The two families decided to combine both ceremonies on February 28, reducing the number of tables to 10.

A week before the wedding, the coronavirus made headlines in South Korea where Daegu City and northern Gyeongsang Province became Covid-19 epicenters. Ha’s South Korean father and Vietnamese mother live in Pocheon City, 200 km from both outbreak areas.

Two days before the wedding, Ha’s parents hopped on a flight to Vietnam to attend their daughter’s important day thinking only those coming from the epicenters would be put in quarantine.

The couple landed and filed a health declaration. They went home and shared a meal with family members and relatives. But the same evening, Vietnam announced a stricter protocol, requiring all arrivals from South Korea to be quarantined. The family dinner meant 14 people, including the bride, must be put under home quarantine.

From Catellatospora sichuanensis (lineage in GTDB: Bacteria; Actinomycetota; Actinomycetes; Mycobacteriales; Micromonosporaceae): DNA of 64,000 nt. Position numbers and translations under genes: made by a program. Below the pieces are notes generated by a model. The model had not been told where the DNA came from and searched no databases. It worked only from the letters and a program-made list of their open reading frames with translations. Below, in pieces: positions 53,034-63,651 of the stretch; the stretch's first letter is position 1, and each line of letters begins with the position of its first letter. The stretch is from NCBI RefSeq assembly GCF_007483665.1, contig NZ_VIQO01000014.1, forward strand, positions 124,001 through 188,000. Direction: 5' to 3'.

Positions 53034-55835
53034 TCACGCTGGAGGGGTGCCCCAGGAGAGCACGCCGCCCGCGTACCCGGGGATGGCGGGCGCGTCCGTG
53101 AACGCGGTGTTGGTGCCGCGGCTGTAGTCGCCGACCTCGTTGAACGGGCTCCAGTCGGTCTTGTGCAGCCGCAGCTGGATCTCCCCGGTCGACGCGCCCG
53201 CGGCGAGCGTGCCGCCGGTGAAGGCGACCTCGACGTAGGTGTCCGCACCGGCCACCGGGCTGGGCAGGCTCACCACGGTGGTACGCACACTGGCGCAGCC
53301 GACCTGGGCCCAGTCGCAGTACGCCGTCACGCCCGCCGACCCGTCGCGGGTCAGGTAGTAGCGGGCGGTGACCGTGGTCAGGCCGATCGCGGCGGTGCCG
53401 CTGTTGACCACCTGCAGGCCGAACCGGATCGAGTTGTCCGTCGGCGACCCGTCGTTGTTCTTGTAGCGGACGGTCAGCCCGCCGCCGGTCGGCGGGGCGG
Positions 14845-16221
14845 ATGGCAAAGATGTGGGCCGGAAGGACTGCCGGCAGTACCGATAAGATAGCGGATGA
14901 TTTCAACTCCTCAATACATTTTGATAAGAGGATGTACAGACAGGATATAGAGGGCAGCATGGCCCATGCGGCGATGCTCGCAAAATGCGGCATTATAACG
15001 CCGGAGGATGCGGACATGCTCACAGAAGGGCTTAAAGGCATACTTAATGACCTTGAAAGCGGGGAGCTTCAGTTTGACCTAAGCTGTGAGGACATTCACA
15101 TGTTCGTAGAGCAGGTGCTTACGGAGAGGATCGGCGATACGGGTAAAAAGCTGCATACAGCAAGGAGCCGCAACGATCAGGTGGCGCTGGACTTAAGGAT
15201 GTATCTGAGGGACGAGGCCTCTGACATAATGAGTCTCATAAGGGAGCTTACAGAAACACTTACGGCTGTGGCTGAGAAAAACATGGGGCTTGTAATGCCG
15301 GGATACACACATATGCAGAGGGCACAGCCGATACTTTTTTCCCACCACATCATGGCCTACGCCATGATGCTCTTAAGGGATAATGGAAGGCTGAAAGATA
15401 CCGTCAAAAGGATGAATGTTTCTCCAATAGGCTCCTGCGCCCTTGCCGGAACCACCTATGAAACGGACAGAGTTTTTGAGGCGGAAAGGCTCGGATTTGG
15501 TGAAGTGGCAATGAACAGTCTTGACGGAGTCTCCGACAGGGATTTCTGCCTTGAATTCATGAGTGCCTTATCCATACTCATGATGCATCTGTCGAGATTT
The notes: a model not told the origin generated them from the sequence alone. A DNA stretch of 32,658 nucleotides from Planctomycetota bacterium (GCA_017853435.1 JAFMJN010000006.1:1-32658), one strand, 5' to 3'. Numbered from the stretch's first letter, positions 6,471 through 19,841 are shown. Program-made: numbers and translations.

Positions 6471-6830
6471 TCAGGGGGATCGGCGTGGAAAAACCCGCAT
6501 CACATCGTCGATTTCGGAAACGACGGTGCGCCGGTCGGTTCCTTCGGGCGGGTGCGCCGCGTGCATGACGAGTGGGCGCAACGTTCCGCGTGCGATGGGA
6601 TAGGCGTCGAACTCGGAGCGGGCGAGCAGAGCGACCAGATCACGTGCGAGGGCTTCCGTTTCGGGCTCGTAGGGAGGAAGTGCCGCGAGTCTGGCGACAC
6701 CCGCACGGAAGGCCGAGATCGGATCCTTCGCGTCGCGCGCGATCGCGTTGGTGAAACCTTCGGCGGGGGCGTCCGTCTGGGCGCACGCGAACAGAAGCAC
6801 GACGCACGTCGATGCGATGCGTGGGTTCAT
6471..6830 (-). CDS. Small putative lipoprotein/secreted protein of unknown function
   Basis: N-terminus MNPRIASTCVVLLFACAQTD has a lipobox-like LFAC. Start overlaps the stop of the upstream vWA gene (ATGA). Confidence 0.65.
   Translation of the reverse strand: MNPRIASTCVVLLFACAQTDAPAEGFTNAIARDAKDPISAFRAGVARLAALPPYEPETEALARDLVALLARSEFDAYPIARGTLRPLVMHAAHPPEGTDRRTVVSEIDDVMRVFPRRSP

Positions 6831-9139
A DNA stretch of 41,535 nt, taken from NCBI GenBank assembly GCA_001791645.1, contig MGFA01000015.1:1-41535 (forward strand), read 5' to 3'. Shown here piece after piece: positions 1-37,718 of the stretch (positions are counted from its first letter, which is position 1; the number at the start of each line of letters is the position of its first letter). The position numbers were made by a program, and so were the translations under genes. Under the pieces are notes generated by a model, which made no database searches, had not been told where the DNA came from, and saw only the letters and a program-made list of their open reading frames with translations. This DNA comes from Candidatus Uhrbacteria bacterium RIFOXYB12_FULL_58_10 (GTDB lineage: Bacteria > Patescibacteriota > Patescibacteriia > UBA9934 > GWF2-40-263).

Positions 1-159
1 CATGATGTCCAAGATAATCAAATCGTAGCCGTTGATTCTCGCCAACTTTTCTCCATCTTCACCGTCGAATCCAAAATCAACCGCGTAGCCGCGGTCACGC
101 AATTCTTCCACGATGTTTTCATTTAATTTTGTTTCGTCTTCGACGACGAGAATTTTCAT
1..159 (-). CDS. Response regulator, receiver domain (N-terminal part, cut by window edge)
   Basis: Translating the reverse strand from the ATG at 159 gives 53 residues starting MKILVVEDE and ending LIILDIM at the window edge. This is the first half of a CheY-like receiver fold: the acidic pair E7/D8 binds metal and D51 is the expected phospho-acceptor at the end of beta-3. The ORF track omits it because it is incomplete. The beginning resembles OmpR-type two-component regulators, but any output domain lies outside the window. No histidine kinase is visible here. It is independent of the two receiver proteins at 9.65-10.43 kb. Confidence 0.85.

"I was stunned for a few seconds, but accepted the measure. After all, it’s for everyone’s safety," Ha said.

On the same night, she called her future husband to tell him the news.

"The wedding might be delayed, but I have booked the catering service, my family has also invited guests, so it can’t be cancelled," Hung told his future wife.

Ha spent the entire next morning cancelling reception, catering for the party at her family, and makeup services. Wedding parties in Vietnam are often held at both the bride and the groom's families.

"We are very sorry you were quarantined mere days before your wedding. However, because of the virus, it is a must to ensure public safety," a local health official told Ha's family.

Wedding services hit

Having worked as a makeup artist for 10 years, Phung Trang, 33, has never witnessed a more unfortunate case than Ha’s.